1. Expert Q&A: Protecting a person with dementia from financial abuse - Weds 26 June, 3:30-4:30 pm

    Financial abuse can have serious consequences for a person with dementia. Find out how to protect a person with dementia from financial abuse.

    Sam, our Knowledge Officer (Legal and Welfare Rights) is our expert on this topic. She will be here to answer your questions on Wednesday 26 June between 3:30 - 4:30 pm.

    You can either post questions >here< or email them to us at talkingpoint@alzheimers.org.uk and we'll answer as many as we can on the day.

  1. AndyL

    AndyL Registered User

    Sep 2, 2015
    19
    My mum has been diagnosed with SVD & Alzheimer's, she has been put on aricept to see if this helps. However we have a problem as she can't remember if she has taken them, hides the packets and doesn't know how to open the pill reminder capsule. She doesn't think she lives in her house but is in a house that is exactly the same as hers. Her short term memory is appalling. My brothers and sister and I are all really concerned for her, I go round every day, but she is isolated and has trouble using every day items, and I don't think she eats properly. She seems to buy food for the people she thinks are at home, but in reality she lives on her own. We need to get some help, but have no idea where to start! Do we go to her doctor or contact a social worker? It's all well and good being given a diagnosis, but where do we go now? It would be so helpful if, when diagnosed, families were given advice on the next steps and not just given medication to see if it helps. This seems to be a horrible disease, with no answers. :confused:
     
  2. fizzie

    fizzie Registered User

    Jul 20, 2011
    2,740
    Hi Andy
    Sounds as though you all need support

    You can phone Social Services Adult Care Duty Desk and ask for an assessment for your mum - if you ask for day care that should be an option - a day centre where your mum can go for lunch and activities. As well as our social services centre we also have Crossroads Day Centre where people can go for up to 3 days and it is also worth googling Dementia activities + your area to see what is going on. There is probably a fair bit but you need to search for it. Some care homes also do 'day care' which can be useful but I would try the day centres first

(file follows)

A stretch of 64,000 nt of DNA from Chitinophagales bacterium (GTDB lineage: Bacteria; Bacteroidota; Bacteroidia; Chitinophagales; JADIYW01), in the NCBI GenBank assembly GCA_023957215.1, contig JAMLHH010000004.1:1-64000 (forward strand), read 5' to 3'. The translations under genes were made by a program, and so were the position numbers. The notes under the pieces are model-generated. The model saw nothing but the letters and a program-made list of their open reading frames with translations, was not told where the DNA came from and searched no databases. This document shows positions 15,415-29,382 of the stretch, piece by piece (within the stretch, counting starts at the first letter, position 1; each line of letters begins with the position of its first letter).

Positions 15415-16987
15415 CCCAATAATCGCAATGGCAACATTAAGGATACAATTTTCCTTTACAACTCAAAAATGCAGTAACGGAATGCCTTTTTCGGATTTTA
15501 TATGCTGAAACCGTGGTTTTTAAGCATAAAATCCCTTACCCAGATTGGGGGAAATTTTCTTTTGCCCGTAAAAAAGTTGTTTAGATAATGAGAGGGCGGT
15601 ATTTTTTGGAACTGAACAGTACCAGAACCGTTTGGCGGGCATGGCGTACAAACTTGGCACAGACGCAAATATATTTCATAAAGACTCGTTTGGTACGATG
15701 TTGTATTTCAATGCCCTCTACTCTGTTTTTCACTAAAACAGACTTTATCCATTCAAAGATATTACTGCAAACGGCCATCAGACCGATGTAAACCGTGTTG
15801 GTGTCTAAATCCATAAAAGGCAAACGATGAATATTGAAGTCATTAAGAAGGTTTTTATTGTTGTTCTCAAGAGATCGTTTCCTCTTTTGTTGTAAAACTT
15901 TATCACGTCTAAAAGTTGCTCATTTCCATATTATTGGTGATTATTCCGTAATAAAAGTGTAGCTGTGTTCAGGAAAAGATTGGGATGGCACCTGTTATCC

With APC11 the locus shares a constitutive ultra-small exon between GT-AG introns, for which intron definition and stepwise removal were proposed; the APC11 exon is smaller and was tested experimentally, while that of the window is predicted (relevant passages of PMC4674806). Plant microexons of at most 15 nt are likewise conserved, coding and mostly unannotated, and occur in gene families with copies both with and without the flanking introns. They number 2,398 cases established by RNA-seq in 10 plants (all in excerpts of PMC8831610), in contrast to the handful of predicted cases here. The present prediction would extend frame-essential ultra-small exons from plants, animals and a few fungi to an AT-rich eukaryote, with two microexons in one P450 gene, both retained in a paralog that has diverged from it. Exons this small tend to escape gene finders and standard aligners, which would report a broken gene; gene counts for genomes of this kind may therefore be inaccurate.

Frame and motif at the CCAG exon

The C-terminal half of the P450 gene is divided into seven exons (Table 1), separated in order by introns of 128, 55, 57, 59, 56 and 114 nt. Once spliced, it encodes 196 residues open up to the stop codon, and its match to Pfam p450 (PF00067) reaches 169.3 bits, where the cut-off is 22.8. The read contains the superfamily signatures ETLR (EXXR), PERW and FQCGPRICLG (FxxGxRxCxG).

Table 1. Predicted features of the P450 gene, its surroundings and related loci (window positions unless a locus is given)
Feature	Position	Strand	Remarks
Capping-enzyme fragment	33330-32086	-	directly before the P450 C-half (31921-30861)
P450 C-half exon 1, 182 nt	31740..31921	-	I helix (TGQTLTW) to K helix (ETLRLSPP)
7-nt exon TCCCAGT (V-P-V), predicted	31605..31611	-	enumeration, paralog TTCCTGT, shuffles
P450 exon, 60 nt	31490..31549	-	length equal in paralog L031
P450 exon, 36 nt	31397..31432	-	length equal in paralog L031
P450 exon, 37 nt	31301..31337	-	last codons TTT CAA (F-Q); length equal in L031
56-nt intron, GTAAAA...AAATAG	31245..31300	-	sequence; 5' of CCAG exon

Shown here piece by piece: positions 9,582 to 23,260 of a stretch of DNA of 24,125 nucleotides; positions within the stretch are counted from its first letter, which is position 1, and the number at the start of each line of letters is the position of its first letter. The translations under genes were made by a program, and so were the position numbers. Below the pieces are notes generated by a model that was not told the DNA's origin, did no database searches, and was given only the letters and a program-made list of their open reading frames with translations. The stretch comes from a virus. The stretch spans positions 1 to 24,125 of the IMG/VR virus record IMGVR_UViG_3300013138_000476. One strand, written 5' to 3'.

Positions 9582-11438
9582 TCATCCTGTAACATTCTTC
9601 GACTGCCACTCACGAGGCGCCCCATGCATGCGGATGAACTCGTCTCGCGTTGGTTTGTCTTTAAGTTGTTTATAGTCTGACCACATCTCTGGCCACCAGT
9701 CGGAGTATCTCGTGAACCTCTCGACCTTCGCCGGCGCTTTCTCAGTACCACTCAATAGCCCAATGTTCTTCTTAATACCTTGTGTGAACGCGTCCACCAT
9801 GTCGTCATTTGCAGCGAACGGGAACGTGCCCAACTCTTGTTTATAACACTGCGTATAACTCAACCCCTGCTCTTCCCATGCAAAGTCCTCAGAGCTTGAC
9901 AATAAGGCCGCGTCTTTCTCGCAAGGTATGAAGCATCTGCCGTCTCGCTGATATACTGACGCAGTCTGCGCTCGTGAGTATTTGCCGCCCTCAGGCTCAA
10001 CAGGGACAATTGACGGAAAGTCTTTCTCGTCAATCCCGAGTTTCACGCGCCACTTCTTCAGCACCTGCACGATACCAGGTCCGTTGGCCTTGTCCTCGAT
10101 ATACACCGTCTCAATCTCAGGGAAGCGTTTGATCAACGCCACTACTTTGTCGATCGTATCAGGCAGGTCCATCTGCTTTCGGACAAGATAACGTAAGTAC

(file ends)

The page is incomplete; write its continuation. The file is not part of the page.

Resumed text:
You can also ask for a carers assessment - this will give you a break and give you some 'free' hours of help possibly

    It will be helpful for you to apply for Attendance Allowance - the forms are a bit tricky in that you have to imagine the worst possible day for mum and write down the help that she needs (not the help that she gets but what she NEEDS). Attendance Allowance is not means tested and you should get it, if you need some help with the forms come back and ask

    I would strongly advise you to join your local carers organisation - they usually have a carers cafe (and so do Alzheimers society in some areas) and it is worth a morning off work to go and find out what help there is in your area over a cup of coffee.

    The Dementia helpline is a useful number to have

    lzheimer's Society National Dementia Helpline 0300 222 1122 can provide information, support, guidance and signposting to other appropriate organisations.

    The Helpline is usually open from:
    9am - 8pm Monday to Wednesday
    9am - 5pm on Thursday and Friday
    10am - 4pm on Saturday and Sunday
    As is age uk

    Age UK Advice line free national advice line that is open 365 days a year and takes in excess of 250,000 calls annually. To talk to someone, just call 0800 169 2081.


    Sounds as though your Mum is going to need quite a lot of help and the earlier you get it started the better. you may want to pay someone you know well to give her her medication as this is going to be key in her Alzheimer's and you can't risk it not being taken.


    I hope this helps, keep posting, thinking of you and your Mum
     
  3. AndyL

    AndyL Registered User

    Sep 2, 2015
    19
    Thank you Fizzie, will definitely have a look at these options. It's so difficult to know what is best to do especially as Mum thinks she is fine :(
     
  4. fizzie

    fizzie Registered User

    Jul 20, 2011
    2,740
    definitely it is hard as most people are understandably fiercely independent. Here is also a very useful link called compassionate communication - it will save you and your mum a lot of heart ache if you can start to use it from the beginning - do pass it around the family xx
    http://www.alz.org/greaterdallas/doc...ionateComm.pdf
     
  5. Mandida

    Mandida Registered User

    Jan 11, 2016
    11
    please repeat link

     
  6. fizzie

    fizzie Registered User

    Jul 20, 2011
    2,740

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